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situated on a rocky eminence, close by the border of the lake. The ceremonial was very simple, being that of the Protestant Church, and the behaviour of the people was highly decorous. They were decently dressed; but what more particularly strikes the eye of a stranger is the circumstance of the greater proportion of the men wearing no coats, their place being supplied by a jacket or waistcoat without sleeves, leaving the arm to be covered by the shirt or under-vest. The women sit all together, as likewise the men. During prayer the latter cover their faces with their hats, but put them on while the sermon is delivered at particular parts of the service, however, they instantly uncover, as when (if I mistake not) the Lord's Prayer is repeated. The clergyman wore a black gown, and exterior to the neckcloth a ruff or frill of ample dimensions encircled the neck. One or two children were baptised. The minister receives the child from the mother, who stands on one side of the baptismal font, baptises it, and then hands it over to the father standing on the other. I sat in one of the great seats or stalls near the pulpit, next a stout gentleman, who spoke to me after leaving the Church. My knowledge of German being extremely scanty, I had some difficulty in making him understand to what country I belonged; at last the word Scotland seemed to give him some clue to find it out; for he exclaimed, ein Schotlander, and shook me by the hand. I took the drift of his observations to be, Scotland is a fine country, it is like Switzerland." At the conclusion of the service, the men remain seated, till the women retire.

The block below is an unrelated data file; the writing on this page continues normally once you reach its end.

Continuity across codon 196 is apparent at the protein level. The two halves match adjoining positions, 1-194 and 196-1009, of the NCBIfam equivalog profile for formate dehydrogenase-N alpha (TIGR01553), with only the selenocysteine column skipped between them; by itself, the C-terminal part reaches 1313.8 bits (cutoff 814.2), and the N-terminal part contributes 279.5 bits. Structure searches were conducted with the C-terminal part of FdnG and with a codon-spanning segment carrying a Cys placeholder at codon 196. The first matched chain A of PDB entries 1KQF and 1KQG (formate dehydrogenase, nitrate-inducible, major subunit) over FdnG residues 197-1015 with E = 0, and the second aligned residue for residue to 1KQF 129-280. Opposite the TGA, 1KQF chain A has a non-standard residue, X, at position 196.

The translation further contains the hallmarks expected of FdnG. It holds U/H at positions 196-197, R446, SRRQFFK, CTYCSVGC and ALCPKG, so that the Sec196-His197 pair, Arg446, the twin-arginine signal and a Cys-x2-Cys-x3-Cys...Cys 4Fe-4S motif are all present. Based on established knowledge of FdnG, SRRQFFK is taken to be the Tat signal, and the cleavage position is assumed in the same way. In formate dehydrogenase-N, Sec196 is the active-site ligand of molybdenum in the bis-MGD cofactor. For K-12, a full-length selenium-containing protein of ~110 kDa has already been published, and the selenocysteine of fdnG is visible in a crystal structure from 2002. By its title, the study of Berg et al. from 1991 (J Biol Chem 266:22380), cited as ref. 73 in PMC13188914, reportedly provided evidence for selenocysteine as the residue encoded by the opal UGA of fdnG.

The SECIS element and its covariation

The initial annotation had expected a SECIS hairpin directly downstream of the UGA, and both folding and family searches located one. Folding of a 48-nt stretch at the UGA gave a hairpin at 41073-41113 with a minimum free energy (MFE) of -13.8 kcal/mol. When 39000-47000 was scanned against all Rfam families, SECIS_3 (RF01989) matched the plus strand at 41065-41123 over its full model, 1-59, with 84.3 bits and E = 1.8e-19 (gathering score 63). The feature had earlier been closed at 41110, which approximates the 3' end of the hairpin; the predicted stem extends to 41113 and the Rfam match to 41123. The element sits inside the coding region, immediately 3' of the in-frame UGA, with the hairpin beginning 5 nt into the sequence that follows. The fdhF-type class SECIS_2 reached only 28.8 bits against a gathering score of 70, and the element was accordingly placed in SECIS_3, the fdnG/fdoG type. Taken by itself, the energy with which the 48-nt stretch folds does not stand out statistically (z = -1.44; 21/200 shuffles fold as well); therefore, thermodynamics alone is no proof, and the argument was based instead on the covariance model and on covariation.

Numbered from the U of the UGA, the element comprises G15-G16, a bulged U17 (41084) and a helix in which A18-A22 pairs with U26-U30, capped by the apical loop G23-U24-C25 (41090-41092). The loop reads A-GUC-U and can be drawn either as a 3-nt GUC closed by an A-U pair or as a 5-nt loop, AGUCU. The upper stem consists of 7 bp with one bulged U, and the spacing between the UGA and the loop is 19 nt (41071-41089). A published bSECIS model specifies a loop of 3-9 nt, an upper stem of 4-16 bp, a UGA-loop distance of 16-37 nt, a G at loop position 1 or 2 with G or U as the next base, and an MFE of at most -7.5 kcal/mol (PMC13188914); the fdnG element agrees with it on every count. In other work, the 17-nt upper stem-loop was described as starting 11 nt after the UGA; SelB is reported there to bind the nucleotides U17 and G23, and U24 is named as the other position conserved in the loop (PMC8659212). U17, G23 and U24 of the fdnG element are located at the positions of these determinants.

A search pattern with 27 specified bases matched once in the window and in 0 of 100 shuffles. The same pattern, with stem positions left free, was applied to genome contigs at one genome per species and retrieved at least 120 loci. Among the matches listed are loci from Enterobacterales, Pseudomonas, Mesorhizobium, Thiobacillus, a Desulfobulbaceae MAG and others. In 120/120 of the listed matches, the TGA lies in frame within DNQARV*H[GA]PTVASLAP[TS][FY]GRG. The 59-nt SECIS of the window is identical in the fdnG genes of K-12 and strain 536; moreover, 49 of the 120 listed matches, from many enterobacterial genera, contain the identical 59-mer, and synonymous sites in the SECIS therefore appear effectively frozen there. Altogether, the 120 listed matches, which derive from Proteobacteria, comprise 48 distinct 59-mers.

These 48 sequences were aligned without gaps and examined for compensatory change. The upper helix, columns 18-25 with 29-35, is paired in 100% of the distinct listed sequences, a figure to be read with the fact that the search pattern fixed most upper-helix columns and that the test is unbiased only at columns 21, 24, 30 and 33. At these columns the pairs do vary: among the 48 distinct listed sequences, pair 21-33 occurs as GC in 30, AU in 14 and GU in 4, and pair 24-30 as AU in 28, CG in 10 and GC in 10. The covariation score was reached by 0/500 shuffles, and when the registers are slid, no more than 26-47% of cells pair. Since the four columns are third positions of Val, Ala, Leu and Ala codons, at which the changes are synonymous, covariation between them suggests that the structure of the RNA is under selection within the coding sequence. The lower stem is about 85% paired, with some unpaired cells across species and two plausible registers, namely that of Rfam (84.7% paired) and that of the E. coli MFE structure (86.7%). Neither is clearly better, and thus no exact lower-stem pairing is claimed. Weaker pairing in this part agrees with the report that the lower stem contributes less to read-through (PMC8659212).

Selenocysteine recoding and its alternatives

The peasantry go through their military exercise in the afternoon,—a practice which must be hurtful to their moral and religious feelings. In the evening the solemn calm of the hallowed day, which is only disturbed by the distant roar of the torrent of the Giespach, was broken by shouting and the firing of guns,—the Alpine solitudes re-echoed the sounds, even as if inanimate nature was astonished at man's daring mockery of his Maker.
Next morning before breakfast, I crossed the lake to visit the cascade of the Giesbach. It is a most beautiful waterfall. There are two falls, one about 300, and the other about 200 feet. About 10 o'clock A. M. I bade farewell to the village of Bricntz.
With respect to the dress of the females, I may observe that I thought it more singular than handsome. Their holiday apparel consists of a small black cap upon the crown of the head; the younger women, however, may go uncovered, I rather think; the hair sometimes nicely plaited, hangs down the back; the arms are covered to about the middle of the fore-arm; a sort of waistcoat covers the chest, but the waist is of such fearful latitude, that I am sure, if some of my fair countrywomen beheld it, they would laugh right heartily. I believe this neighbourhood is rather famous for its music; what I heard of it seemed wild and simple.
I soon got into the valley of Hasli. Tradition says that the inhabitants of this valley are of Swedish origin; they are said to be a fine race of people; and what is remarkable is that the cultivation of the potatoe was known here before the other inhabitants of the country understood it. I remarked what is peculiar in the dress of the women; a red handkerchief tied round the head, and another on the breast. Proceeding up the valley, I passed the little town of Meyringhen on the left, saw the Falls of the Reichenbach at a distance; and arriving at the sequestered hamlet called Imhop, there dined. Soon after passing the waterfalls, the valley begins to contract, and becomes wilder as you advance.